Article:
Flutter is Google's UI toolkit for building beautiful, natively compiled applications for mobile, web, and desktop from a single codebase. Flutter works with existing code, is used by developers and organizations around the world, and is free and open source.

In this codelab, you'll create a simple mobile Flutter app. If you're familiar with object-oriented code and basic programming concepts—such as variables, loops, and conditionals—then you can complete the codelab. You don't need previous experience with Dart or mobile programming.

What you'll learn in part 1

In part 2 of this codelab, you'll add interactivity, modify the app's theme, and add the ability to navigate to a new page (called a route in Flutter).

What you'll build in part 1

You'll implement a simple mobile app that generates proposed names for a startup company. The user can select and unselect names, saving the best ones. The code lazily generates 10 names at a time. As the user scrolls, new batches of names are generated. The user can scroll forever with new names being continually generated.

The following animated GIF shows how the app works at the completion of part:

What is your level of experience with building mobile apps?

Never built mobile apps Built apps for the mobile web only Built apps for Android only Built apps for iOS only Built apps for Android and iOS Built apps for mobile web, Android, and iOS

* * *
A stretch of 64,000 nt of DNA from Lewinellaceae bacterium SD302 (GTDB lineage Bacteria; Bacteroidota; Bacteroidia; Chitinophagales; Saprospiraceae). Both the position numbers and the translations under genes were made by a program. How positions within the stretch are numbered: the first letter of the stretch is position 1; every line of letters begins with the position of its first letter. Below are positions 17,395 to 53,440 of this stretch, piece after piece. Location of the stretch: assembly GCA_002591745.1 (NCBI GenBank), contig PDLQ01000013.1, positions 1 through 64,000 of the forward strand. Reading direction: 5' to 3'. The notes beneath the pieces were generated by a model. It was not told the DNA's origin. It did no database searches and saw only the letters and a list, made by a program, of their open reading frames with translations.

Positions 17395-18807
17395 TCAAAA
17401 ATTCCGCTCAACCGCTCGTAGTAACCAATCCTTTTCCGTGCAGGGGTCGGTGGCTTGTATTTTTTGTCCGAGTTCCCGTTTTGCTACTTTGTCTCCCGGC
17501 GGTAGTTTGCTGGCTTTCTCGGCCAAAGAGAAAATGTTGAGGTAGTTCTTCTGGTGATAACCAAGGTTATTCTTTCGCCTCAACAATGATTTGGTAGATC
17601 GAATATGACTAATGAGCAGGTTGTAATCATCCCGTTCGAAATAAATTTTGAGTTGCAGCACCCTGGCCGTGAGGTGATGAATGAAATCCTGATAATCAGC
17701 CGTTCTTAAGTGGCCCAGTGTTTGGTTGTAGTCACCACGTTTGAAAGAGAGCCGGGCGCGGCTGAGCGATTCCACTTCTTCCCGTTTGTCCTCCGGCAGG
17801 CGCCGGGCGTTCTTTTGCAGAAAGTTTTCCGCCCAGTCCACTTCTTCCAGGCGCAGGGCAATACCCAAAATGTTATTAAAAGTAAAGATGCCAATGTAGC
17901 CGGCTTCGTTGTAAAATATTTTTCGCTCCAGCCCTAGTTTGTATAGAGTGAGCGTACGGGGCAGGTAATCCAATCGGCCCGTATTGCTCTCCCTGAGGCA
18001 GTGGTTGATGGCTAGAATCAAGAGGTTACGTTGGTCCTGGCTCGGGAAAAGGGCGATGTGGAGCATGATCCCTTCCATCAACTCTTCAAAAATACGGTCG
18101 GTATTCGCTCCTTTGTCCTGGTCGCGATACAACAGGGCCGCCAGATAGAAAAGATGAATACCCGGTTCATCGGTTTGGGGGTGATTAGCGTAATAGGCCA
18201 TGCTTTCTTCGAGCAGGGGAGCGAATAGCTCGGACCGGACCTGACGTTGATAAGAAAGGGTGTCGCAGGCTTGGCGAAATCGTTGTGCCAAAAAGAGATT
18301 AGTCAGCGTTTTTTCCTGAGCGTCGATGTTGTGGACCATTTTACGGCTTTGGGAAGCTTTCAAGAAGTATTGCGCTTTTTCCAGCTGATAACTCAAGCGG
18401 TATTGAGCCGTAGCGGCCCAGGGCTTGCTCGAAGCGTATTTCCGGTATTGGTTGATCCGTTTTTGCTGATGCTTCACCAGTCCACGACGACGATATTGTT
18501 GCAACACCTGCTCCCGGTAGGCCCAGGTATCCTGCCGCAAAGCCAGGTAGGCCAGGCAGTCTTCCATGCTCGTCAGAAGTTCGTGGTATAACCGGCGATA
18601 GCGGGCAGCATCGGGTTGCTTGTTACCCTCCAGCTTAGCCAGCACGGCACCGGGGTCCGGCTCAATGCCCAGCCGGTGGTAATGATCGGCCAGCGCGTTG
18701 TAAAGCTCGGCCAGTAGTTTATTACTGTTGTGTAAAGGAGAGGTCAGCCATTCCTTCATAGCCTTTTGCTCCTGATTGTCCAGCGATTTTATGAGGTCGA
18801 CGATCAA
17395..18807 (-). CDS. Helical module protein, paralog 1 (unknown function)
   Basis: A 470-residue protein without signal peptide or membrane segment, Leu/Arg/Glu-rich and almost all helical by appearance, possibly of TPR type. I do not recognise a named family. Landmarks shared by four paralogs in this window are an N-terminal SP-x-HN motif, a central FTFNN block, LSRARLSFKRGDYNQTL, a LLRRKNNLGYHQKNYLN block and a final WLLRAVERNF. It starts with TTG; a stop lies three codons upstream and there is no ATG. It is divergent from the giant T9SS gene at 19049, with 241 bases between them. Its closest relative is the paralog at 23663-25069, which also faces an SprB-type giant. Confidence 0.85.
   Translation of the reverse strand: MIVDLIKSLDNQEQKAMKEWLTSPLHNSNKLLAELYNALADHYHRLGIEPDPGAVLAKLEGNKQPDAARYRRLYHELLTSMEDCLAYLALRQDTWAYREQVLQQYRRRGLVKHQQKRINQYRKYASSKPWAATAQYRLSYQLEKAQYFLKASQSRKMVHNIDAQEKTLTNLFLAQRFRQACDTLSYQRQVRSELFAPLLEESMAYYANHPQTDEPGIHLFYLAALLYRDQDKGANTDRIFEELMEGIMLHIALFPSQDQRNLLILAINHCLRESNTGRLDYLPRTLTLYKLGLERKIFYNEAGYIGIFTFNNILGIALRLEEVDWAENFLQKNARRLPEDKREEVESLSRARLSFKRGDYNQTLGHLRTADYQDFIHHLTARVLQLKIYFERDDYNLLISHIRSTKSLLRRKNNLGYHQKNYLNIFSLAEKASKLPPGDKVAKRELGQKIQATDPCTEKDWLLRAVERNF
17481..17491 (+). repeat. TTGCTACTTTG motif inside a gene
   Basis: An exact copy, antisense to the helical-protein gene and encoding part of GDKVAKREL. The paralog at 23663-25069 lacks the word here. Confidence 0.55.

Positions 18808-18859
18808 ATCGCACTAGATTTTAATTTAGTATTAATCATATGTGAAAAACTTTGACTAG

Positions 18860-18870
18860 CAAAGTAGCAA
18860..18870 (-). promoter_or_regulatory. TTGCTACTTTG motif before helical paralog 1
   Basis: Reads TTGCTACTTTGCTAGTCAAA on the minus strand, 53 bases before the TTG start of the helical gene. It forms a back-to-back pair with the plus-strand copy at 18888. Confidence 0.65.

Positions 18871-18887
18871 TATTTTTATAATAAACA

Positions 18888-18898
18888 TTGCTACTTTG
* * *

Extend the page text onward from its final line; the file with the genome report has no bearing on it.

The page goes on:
You need two pieces of software—the Flutter SDK and an editor. (The codelab assumes that you're using Android Studio, but you can use your preferred editor.)

You can run the codelab by using any of the following devices:

If you want to compile your app to run on the web, you must enable this feature (which is currently in beta). To enable web support, use the following instructions:

$ flutter channel beta
$ flutter upgrade
$ flutter config --enable-web

You need only run the config command once. After enabling web support, every Flutter app you create also compiles for the web. In your IDE under the devices pulldown, or at the command line using flutter devices, you should now see Chrome and Web server listed. The Chrome device automatically starts Chrome. The Web server starts a server that hosts the app so that you can load it from any browser. Use the Chrome device during development so that you can use DevTools, and the web server when you want to test on other browsers. For more information, see Building a web application with Flutter and Write your first Flutter app on the web.

Create a simple, templated Flutter app by using the instructions in Create the app. Enter startup_namer (instead of myapp) as the project name. You'll modify the starter app to create the finished app.

You'll mostly edit lib/main.dart, where the Dart code lives.

Replace the contents of lib/main.dart.
Delete all of the code from lib/main.dart and replace it with the following code, which displays "Hello World" in the center of the screen.

import 'package:flutter/material.dart';

void main() => runApp(MyApp());

class MyApp extends StatelessWidget {
  @override
  Widget build(BuildContext context) {
    return MaterialApp(
      title: 'Welcome to Flutter',
      home: Scaffold(
        appBar: AppBar(
          title: const Text('Welcome to Flutter'),
        ),
        body: const Center(
          child: const Text('Hello World'),
        ),
      ),
    );
  }